Monday, July 22, 2019

Association of [U.S.] Magazine Media moving from New York, shiftng emphasis to lobbying in DC

MPA — The Association of Magazine Media, the nonprofit trade group that represents around 75 of the largest consumer magazine publishers in the U.S., as well as suppliers and other industry stakeholders, is leaving New York after 100 years and relocating its headquarters to Washington, D.C., where it has long operated a government affairs office. 

The move is intended to put the emphasis on D.C.-based advocacy work around issues such as postal, ad tax, consumer privacy, the First Amendment and data and subscription marketing. Ten full-time and two part-time staffers at the New York office will be laid off according to a story in the New York Post. 

Susan Russ, the MPA's senior VP of communications, told Folio:. "This work contributes directly to our members' bottom lines." As such, Linda Thomas Brooks, the former ad agency exec who was brought in as CEO at the start of 2016, will step down from her role and leave the MPA at the end of the year, and the association has no plans to name a successor. 

Instead, the MPA's most senior staffer going forward will be Brigitte Gwyn, executive VP of government affairs, an experienced K Street lobbyist who joined the association earlier this year and will continue running its D.C. office. The MPA has spent between $500,000 and $650,000 on lobbying activities annually over each of the past several years, according to public records. 
The American Society of Magazine Editors (ASME), which shares resources with the MPA and administers the annual National Magazine Awards in association with the Columbia School of Journalism, will remain based in New York but will maintain a relationship with the MPA moving forward.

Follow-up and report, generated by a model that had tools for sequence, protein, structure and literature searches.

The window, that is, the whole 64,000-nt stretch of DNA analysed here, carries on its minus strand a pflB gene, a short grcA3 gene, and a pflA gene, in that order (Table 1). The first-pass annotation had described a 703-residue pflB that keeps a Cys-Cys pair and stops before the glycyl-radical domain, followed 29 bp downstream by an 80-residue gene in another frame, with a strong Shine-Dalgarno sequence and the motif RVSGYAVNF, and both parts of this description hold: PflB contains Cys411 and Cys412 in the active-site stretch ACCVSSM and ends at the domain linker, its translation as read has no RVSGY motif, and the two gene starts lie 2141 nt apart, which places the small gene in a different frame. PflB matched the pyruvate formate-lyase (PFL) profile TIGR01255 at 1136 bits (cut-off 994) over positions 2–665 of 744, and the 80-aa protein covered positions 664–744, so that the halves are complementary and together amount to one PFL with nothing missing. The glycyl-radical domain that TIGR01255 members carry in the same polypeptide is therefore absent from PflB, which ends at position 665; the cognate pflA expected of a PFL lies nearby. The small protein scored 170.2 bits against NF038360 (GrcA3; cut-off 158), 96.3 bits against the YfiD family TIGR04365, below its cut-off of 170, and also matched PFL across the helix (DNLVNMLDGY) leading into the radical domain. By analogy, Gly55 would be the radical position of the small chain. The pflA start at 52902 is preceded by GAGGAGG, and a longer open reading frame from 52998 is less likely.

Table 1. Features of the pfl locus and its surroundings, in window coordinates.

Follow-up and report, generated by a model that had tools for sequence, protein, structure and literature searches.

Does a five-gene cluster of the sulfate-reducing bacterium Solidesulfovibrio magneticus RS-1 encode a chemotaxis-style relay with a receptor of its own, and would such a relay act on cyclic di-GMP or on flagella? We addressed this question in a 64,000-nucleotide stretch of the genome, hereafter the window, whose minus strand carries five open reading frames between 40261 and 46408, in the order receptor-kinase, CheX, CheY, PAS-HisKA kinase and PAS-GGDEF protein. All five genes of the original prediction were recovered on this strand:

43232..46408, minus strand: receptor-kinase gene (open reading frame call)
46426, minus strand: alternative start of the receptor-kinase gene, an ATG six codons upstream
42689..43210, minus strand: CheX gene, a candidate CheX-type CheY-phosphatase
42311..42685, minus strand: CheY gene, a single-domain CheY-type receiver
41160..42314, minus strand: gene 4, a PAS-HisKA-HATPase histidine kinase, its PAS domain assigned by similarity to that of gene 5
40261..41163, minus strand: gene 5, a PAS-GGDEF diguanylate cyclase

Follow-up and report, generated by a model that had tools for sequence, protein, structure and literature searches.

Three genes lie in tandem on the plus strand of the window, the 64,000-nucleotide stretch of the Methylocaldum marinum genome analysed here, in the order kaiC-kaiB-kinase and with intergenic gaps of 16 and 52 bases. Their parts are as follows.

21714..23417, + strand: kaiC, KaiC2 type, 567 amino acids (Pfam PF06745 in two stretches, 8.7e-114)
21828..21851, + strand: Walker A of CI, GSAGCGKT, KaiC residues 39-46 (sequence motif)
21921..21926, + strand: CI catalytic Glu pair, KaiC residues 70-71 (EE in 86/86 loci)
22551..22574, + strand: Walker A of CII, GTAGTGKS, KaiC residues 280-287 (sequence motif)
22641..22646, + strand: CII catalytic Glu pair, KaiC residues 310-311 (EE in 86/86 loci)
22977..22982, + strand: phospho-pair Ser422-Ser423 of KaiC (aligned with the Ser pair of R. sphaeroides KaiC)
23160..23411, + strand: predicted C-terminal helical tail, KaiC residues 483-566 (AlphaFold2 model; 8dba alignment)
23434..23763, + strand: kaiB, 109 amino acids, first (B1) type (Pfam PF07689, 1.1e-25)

"ASME anticipates no changes in the operation of the awards," says ASME's CEO, Sid Holt. "As in the past, the call for entries will be published in October, the judging will take place at Columbia in January and the awards will be presented in March."
Decisions related to the future of the MPA's regularly released audience reports as well as its series of in-person events, including the annual American Magazine Media Conference in New York each February and the IMAG Conference, held in various locations each spring, will be made over the next six months, but Russ says the association plans to maintain "at least one industry conference with other meetings throughout the year."


Friday, June 28, 2019

Nylon re-emerges in print

Nylon magazine, which suspended its print platform in October 2017, is relaunching it under new ownership. The alternative lifestyle and fashion magazine was bought by the Bustle Digital Group for an undisclosed sum, according to a story in Folio:. 
"We will invest heavily in expanding Nylon’s editorial team and advancing its strength in live experiences. Additionally, we believe that Nylon should exist in a print format, and that is part of the future plan,” Bryan Goldberg, CEO and founder of BDG, said in a statement.  This would be the first of BDG’s properties—which includes BustleRomper, Elite Daily and the Zoe Report, as well as the recently acquired GawkerThe OutlineMic and experiential marketing and events division Flavorpill Media—to have a print component.

Friday, May 31, 2019

Maclean's, Toronto Life and Hazlitt major Magawards medalists

The 42nd annual National Magazine awards were produced and presented Friday evening by the National Media Awards Foundation* at the Arcadian Court in Toronto. Among the highlights:
Top winning magazines

Toronto Life
Cottage Life


Nouveau Projet
The Walrus
The New Quarterly

  • Linda Spalding an acclaimed writer and longtime editor of the literary journal Brick was presented with the 2019 Foundation Award for Outstanding Achievement.
  • Mathieu Lachapelle of Dînette Magazine captured three awards for his photography work, winning Silver for Portrait Photography and winning both Gold and Silver in Lifestyle Photography.
  • Anthony Oliveira is a 2019 two-time Gold winner in Long Form Feature Writing and Essay, for his piece “Death in the Village” published in Hazlitt.
  • The Walrus swept the Illustration (including spot and photo illustration) category: “The End of an Empire” by Sébastien Thibault won silver, while “Bad Code” by Cristian Fowlie took Gold.